One evening in June, when it had just begun to drizzle and school was about to re-open I was out again with the boys. It was going to be the last year at school and the most crucial one. I’d promised Ma that I’d focus more on my studies than on cricket. So just before the academic year could kick in, I was trying to make a memorable game of cricket that could help me survive through the following year. I couldn’t imagine an entire drab year full of studies and absolutely no cricket!

The final cricket match had commenced and my team was fielding first. I wasn’t the captain this time because I was supposed to train a few youngsters to step into my shoes until I finish my S.S.C. year and get back on the grounds. I was posted this time at the boundary and I could feel the eyes of some onlookers on me, from their respective balconies aka booths. Many neighbors, thankfully took our Galli cricket quite seriously and enjoyed watching our matches every evening. Some had also predicted a glorious future for me in women’s cricket. They could foresee me bringing the Indian women’s cricket team into limelight. We enjoyed our small share of audience and sometimes also relied on their decree when we felt our own umpire was giving a biased decision.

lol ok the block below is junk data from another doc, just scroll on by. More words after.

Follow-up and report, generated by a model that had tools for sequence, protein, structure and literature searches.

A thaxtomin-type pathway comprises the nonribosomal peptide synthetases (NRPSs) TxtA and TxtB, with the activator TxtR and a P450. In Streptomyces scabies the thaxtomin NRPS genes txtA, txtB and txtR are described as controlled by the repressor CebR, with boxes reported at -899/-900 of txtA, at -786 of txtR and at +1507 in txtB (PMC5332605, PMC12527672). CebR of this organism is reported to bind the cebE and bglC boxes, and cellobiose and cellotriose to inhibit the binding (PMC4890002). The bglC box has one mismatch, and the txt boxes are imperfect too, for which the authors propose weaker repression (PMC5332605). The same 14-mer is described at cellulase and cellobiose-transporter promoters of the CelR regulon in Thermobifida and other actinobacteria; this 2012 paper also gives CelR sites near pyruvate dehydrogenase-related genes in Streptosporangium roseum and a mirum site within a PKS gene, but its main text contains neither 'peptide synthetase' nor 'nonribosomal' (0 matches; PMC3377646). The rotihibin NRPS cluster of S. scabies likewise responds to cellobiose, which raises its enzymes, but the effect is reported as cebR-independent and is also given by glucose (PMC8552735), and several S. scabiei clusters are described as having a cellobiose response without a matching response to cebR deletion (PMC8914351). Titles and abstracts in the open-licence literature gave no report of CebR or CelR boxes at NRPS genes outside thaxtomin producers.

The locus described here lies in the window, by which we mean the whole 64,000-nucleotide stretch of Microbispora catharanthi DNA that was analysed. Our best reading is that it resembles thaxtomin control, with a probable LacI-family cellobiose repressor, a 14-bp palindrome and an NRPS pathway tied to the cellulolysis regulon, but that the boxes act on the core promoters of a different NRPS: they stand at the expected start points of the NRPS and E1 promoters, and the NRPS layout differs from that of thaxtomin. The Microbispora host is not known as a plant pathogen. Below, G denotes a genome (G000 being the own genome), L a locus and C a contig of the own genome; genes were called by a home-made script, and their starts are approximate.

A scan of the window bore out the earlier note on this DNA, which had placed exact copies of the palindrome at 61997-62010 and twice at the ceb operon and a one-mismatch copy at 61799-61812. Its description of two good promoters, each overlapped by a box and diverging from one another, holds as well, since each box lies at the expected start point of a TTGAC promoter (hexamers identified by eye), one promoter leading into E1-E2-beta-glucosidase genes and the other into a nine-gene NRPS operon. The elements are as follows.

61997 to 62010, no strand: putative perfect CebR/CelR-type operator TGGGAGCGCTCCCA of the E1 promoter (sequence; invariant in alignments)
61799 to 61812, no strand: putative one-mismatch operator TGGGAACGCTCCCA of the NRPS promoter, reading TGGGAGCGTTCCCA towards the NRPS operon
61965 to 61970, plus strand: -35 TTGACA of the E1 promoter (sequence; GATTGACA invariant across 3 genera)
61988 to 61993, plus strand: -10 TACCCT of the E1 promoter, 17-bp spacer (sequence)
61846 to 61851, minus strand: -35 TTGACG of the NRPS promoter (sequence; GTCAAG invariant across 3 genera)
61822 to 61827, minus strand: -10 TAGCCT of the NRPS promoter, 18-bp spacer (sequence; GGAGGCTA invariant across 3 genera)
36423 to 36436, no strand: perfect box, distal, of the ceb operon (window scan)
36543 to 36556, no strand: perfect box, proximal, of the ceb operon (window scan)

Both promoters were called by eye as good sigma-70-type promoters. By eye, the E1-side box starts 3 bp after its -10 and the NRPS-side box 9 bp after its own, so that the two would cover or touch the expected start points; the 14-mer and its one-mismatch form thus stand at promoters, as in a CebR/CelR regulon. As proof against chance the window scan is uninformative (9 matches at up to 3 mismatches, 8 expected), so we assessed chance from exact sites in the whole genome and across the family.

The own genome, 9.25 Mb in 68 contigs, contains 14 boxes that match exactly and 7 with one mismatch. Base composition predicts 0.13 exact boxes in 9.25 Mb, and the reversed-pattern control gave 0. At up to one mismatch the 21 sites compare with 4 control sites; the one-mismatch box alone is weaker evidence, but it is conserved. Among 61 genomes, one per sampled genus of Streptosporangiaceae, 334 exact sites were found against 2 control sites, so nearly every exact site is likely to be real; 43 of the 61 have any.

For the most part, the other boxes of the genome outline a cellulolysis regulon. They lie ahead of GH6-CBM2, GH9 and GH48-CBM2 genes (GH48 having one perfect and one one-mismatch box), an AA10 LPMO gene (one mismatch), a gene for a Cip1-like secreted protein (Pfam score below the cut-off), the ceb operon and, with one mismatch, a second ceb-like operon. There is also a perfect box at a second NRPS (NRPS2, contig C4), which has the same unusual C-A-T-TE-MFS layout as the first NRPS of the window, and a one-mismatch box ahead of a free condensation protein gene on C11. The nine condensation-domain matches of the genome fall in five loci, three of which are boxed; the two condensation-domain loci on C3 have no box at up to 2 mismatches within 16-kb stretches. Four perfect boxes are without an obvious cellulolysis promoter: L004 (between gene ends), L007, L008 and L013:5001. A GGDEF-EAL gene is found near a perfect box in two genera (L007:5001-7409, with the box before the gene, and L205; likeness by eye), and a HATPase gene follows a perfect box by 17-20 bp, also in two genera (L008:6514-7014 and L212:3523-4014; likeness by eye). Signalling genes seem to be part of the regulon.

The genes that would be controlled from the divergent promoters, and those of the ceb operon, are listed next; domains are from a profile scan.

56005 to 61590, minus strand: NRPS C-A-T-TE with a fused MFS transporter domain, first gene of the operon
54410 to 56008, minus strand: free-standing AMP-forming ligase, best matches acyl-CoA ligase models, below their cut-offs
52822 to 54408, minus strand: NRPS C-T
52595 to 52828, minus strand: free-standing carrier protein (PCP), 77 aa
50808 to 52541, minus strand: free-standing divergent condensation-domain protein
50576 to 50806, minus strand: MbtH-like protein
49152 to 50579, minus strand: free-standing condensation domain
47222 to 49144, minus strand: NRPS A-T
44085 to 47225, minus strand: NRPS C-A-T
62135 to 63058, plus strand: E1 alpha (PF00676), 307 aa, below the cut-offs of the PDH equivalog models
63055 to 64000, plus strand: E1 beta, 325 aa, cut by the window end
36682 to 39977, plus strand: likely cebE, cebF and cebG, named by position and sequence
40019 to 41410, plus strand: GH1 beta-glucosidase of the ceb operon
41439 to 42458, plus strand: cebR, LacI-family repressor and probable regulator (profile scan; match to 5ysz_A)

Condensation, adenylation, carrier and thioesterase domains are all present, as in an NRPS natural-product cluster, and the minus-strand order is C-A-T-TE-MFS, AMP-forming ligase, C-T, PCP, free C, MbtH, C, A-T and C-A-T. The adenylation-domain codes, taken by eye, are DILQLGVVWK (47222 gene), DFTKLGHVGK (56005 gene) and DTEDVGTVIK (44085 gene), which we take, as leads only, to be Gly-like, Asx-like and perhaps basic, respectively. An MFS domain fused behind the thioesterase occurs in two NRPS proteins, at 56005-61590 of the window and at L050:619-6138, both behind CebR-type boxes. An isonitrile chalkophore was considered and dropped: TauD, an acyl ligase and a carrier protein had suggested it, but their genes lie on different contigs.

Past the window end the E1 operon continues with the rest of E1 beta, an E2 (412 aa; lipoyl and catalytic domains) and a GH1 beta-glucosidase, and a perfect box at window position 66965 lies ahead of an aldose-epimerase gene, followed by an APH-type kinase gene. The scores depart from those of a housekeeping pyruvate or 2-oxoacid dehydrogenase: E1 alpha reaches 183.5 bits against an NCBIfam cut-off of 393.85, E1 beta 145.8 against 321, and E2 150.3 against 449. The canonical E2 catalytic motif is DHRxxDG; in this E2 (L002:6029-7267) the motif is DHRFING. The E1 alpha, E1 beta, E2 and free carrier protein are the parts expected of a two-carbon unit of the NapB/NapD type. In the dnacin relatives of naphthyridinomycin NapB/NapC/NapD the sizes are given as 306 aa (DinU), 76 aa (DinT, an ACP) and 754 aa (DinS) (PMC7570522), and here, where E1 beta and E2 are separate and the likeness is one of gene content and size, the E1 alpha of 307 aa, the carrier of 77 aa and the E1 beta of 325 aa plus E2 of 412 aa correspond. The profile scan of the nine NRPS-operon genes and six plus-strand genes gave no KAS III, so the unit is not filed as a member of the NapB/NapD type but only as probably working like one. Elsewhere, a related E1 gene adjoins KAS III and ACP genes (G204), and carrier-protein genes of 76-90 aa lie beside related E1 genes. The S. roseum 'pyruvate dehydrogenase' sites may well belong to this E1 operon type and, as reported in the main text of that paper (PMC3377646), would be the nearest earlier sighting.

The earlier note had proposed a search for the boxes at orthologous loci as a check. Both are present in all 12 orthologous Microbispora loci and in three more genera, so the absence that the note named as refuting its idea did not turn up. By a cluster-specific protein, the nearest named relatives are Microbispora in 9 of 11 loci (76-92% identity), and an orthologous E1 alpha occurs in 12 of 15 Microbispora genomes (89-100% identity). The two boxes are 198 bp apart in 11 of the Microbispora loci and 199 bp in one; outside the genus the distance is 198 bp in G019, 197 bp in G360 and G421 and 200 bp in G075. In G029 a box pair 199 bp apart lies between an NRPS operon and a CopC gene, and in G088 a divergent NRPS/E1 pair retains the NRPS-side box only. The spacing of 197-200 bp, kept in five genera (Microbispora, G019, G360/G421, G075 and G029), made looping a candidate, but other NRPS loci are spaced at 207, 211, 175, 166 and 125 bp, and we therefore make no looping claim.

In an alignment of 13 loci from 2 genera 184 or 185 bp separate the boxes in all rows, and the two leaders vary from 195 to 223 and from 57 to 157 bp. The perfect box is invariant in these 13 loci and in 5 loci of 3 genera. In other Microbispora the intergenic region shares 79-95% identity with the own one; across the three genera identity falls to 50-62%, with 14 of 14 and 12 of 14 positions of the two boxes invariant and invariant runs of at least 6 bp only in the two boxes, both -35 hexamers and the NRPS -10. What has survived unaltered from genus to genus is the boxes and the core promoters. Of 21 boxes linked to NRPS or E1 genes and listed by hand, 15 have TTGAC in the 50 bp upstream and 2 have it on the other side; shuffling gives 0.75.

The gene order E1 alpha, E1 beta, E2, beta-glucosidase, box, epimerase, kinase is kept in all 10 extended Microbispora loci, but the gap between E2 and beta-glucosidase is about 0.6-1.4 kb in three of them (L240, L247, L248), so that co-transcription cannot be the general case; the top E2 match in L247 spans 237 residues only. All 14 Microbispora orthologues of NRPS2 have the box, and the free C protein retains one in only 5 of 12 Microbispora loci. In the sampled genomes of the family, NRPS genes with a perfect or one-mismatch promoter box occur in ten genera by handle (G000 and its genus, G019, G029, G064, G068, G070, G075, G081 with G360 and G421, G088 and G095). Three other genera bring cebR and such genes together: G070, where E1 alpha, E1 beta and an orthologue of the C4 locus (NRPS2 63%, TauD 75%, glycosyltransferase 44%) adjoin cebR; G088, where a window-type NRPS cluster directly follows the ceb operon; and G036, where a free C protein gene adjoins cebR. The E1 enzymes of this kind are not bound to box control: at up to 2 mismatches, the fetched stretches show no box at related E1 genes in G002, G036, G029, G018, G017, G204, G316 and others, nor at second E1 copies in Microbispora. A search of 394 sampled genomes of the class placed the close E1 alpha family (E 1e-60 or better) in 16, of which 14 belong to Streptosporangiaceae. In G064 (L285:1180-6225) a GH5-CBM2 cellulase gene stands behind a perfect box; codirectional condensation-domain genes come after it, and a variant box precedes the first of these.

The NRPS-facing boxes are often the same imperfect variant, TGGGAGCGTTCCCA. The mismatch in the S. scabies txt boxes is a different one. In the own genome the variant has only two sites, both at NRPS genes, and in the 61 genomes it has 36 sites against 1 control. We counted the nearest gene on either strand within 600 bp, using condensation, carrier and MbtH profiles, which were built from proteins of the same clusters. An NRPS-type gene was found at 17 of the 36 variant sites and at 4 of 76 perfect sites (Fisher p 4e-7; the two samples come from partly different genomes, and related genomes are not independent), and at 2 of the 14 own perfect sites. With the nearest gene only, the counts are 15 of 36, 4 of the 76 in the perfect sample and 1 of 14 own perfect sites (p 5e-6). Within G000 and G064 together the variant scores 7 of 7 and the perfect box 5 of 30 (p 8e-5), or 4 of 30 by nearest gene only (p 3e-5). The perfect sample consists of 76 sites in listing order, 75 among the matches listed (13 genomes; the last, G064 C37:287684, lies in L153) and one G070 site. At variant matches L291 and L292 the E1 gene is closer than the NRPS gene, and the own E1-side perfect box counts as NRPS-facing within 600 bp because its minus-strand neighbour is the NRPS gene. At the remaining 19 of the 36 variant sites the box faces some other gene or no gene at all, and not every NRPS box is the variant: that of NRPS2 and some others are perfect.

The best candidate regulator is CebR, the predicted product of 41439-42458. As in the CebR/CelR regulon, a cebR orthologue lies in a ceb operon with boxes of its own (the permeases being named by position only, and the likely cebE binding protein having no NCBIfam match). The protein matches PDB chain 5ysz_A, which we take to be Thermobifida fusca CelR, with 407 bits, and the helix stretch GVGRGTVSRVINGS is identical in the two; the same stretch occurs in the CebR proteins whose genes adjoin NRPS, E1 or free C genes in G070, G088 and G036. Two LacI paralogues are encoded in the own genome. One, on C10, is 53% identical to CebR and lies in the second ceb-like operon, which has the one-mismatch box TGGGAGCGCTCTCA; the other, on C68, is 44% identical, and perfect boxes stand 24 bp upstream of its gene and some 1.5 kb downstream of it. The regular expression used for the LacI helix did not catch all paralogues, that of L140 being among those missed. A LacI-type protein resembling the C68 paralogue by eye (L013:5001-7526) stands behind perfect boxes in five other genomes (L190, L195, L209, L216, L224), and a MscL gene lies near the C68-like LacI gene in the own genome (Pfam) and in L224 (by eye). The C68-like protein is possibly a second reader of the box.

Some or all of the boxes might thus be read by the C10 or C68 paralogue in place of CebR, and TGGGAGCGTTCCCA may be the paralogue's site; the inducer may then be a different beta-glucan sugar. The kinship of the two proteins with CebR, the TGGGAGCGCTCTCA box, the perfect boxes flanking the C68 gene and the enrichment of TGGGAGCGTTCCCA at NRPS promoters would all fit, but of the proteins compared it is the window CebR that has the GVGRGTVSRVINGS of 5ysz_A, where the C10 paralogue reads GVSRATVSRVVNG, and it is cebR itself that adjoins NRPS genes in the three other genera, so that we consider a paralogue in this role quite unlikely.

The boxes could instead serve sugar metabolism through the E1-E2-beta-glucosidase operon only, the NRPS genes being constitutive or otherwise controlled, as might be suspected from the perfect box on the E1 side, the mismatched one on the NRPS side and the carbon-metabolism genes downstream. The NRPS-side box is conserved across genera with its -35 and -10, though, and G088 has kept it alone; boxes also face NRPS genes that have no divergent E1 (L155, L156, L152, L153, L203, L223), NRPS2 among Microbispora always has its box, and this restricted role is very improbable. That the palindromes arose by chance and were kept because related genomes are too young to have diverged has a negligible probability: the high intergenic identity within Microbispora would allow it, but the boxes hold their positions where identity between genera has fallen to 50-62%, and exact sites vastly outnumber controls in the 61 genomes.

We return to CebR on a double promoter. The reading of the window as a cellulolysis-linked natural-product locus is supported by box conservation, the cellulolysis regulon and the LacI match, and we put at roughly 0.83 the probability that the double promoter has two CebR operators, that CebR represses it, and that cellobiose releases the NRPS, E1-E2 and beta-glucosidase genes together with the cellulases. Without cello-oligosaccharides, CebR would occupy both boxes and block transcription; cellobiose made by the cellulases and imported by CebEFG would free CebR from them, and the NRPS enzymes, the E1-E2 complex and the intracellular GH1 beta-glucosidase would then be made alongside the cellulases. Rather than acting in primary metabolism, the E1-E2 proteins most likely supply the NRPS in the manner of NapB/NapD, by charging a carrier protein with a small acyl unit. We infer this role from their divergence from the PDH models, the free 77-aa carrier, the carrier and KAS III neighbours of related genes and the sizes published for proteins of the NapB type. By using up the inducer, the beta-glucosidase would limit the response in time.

So there I was, poised to quickly dive at a ball whacked by the batsman towards the boundary. I never let a single ball slip through my fingers. “Going for a four, dude? Tough luck!” I challenged the batsman. Nilesh, a sharp-eyed and superb batsman was in the opposite team this time. His was an important wicket and we had to take it at the earliest. Rahul, our best Googly bowler was going in for it again. A slow trot down the pitch and then his hand swung the ball towards Nilesh. With cocked shoulders, tapping the ground between his feet, Nilesh was focusing on the ball hurtling towards him. And whack, he’d hit the ball with a strong and sure stroke of his heavy bat. The ball soared high up in the air and was clearly flying for the boundary. I could see my moment of achievement approaching, fast.

The ball was in the second half of its journey. All my audience was watching with bated breath. Some of my team mates were screaming at me, “Catch it!” I knew I had it in my hands. My judgment had never gone wrong. I ran in the direction of the ball with cupped hands. That was the minute which would define the fate of the following match. There was suddenly a dead silence around me. And renting that silence came one high-pitched shrill voice,“ Munnaaaaa!” My psyche was programmed to react to that voice and I turned in the direction from where it had come. “It’s late. Come home right now!” I saw my mother standing at our ground floor house, doorstep. The next thing I knew, the ball had smacked me in my left ear and I bit the dust at the boundary.

With that I was one ‘maiden’ whose cricketing career was surely ‘over’ for soon after began my tussle with big fat books for the remaining academic years at school and college.


This post has also been written for Monday's Child #17